Puree your tomatoes, tomato paste, cilantro, garlic, shallots, and jalapeno pepper.
Add the lime juice, salt, and pepper to taste. Set aside until ready to use.
Toast your slice of baguette and spread some black bean puree on top of it (you can first spread some butter on top, if you like). Place the poached egg (directions below) on top, then place some extra puree and salsa on the side. Crack some fresh pepper over the top and enjoy!
Nature’s perfect sauce: egg yolk. Am I right?
- 1 cup water (heated to about 110 degrees F)
- 2½ cups bread flour
- 1 tablespoon granulated sugar
- 1 teaspoon salt
- 1½ teaspoon active dry yeast
- 1 tablespoon water
- 1 teaspoon olive oil (for greasing the bowl)
- 1 cup dried black beans, rinsed and patted dry
- 1 small shallot, minced
- 1 clove garlic, minced
- 1½ cups vegetable broth
- 4 tomatoes, roughly chopped
- 3 tablespoons tomato paste
- 1 shallot, roughly chopped
- 1 clove garlic, peeled and smashed
- 1 jalapeno pepper, chopped and seeds removed
- 1 large handful of cilantro
- juice of ½ a lime
- 4 eggs (for 2 people - you can easily make more)
- 2 tablespoons distilled vinegar
- freshly ground black pepper
- Place 1 cup of warm water (about 110 degrees F), bread flour, sugar, salt, and yeast into your bread machine according to manufacturer's directions. Set to the "dough" cycle, then press start.
- When the bread machine's cycle has finished, place the dough into a lightly greased non-reactive bowl, turning it over to coat the ball of dough. Cover tightly, place in a warm spot, and let sit for 30 minutes or so, until it has doubled in size. You know that it's ready when you push your finger lightly into the dough and the indentation from your finger stays in the dough.
- Punch down the dough, then place it onto a clean, lightly floured surface. Roll the dough into a 16x12 inch rectangle, then cut it in half to form 2 8x12 inch rectangles. Roll up each half of the dough tightly, beginning at the 12 inch side, pressing out any air bubbles as you roll. Roll the dough back and forth to taper it and place the two rolls about 3 inches apart on a greased and/or lined baking sheet. Using a knife, make deep diagonal slashes across the loaves every 2 inches down the bread.
- Cover the dough and allow it to rise in a warm place for 30-40 minutes, or until doubled in size. Bake the baguettes for 20-25 minutes in a 375 degree F oven until just slightly golden. Allow to cool, then cut into slices about 2 inches thick. Toast, if you like, then top with some of the black bean puree, salsa, and a poached egg (recipes all follow).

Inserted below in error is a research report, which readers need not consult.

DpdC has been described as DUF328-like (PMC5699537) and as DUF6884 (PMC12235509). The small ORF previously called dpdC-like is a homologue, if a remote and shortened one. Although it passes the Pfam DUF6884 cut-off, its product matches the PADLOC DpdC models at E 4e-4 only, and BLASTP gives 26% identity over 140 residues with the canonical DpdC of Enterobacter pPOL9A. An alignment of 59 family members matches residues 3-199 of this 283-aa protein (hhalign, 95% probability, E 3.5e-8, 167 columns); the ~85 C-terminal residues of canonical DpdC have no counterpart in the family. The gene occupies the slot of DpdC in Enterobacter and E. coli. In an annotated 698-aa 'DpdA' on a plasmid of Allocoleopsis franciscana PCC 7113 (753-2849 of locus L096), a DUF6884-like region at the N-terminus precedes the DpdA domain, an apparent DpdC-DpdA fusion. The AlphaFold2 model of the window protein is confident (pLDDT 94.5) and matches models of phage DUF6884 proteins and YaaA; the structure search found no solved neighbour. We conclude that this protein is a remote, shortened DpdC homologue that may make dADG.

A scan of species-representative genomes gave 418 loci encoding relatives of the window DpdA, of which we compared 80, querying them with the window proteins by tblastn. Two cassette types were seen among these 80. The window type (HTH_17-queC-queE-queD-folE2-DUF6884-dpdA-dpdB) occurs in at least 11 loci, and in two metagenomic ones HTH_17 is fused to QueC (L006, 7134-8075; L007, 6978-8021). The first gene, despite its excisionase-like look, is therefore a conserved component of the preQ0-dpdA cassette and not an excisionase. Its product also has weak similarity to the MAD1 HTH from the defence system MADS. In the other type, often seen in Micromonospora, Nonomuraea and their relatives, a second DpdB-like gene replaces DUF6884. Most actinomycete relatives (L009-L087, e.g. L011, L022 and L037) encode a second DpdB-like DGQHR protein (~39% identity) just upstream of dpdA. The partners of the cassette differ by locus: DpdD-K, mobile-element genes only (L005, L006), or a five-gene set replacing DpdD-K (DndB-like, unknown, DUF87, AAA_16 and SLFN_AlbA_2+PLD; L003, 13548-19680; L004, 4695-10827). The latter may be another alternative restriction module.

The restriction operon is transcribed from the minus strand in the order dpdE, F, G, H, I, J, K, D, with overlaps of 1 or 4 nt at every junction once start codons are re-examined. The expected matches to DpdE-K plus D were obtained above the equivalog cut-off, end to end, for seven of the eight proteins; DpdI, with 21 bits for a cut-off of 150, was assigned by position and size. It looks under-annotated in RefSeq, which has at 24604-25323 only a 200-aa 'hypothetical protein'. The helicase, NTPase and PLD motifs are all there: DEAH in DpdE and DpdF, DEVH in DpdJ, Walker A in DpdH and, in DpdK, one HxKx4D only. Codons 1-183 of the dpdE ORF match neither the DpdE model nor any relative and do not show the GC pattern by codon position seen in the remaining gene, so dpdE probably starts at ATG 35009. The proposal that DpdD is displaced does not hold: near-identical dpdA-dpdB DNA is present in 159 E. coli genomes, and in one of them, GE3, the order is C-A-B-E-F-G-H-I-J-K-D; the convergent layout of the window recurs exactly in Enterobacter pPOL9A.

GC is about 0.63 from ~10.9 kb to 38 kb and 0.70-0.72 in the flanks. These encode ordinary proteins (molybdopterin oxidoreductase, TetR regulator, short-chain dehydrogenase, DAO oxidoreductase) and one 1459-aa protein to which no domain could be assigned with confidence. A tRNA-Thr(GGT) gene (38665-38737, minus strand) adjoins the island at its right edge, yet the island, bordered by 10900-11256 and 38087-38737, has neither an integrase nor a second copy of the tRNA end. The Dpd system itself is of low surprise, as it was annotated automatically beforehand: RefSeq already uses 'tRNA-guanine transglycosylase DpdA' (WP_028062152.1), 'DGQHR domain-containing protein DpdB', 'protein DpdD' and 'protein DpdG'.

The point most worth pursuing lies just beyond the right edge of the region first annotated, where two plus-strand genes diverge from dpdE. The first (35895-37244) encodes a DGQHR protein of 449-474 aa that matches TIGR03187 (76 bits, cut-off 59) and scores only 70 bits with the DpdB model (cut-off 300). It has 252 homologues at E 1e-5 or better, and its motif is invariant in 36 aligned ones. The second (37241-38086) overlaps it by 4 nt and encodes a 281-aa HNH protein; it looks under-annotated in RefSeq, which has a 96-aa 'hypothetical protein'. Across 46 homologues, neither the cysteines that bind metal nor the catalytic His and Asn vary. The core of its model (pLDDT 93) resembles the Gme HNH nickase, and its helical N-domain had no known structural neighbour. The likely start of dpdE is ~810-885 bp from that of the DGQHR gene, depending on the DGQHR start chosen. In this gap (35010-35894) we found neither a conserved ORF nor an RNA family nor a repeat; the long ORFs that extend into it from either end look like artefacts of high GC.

- Place the beans in a small pot and add in enough water to cover. Bring to a boil over high heat, then reduce heat to medium-high and cook for 2 minutes. Remove the pot from heat and allow the beans to sit in the hot water for 1 hour.
- After an hour, drain the beans. Place them back into a small pot with the shallot, garlic, and vegetable broth. Add more water if you need to, just to cover the beans (or use vegetable stock, if you like). Cover and simmer over medium-low heat for 1 hour or so, until the beans are soft. Strain the beans, shallot, and garlic from the broth, but save the cooking liquid to add to the puree later.
- Puree the beans, shallots, and garlic with a food processor or immersion blender. Add a bit of the cooking liquid as needed, until smooth. It should have about the same consistency as sour cream, only slightly thinner. Taste, and add salt and/or pepper as necessary. Push through a mesh sieve to smooth out. Place back into the small pot and set aside; it can be heated back up quickly when you are ready to use it.
- Puree all of the ingredients in a blender or food processor. Taste and add salt or pepper to taste. Store in the fridge until ready to use.
- Bring 3 inches of water, vinegar, and salt to a boil over medium-high heat and then reduce to a simmer over medium-low heat. Make sure that the temperature remains within 160-180 degrees F.
- Crack your eggs into a small dish, one at a time, and submerge the the lip of the dish into the simmering water, letting the water into the dish. Gently slip the egg out into the water. Let the egg sit for 3 minutes. Pull the eggs out with a slotted spoon and VERY GENTLY dry them off on a paper towel. Place on top of a piece of baguette that has already been smothered in the black bean puree.
- pieces of sliced bread (baguette from above or any other bread)
- Unsalted Butter (for spreading on the bread)
- Black Bean Puree (recipe above)
- Salsa Fresca (recipe above)
- Poached Eggs (recipe above)
- ground black pepper
- Toast 2 slices of baguette and top with unsalted butter. Top each with a dollop of black bean puree and spread. Top that with your poached eggs, then place some extra black bean puree and salsa fresca on the side. Crack some fresh pepper over the top and serve.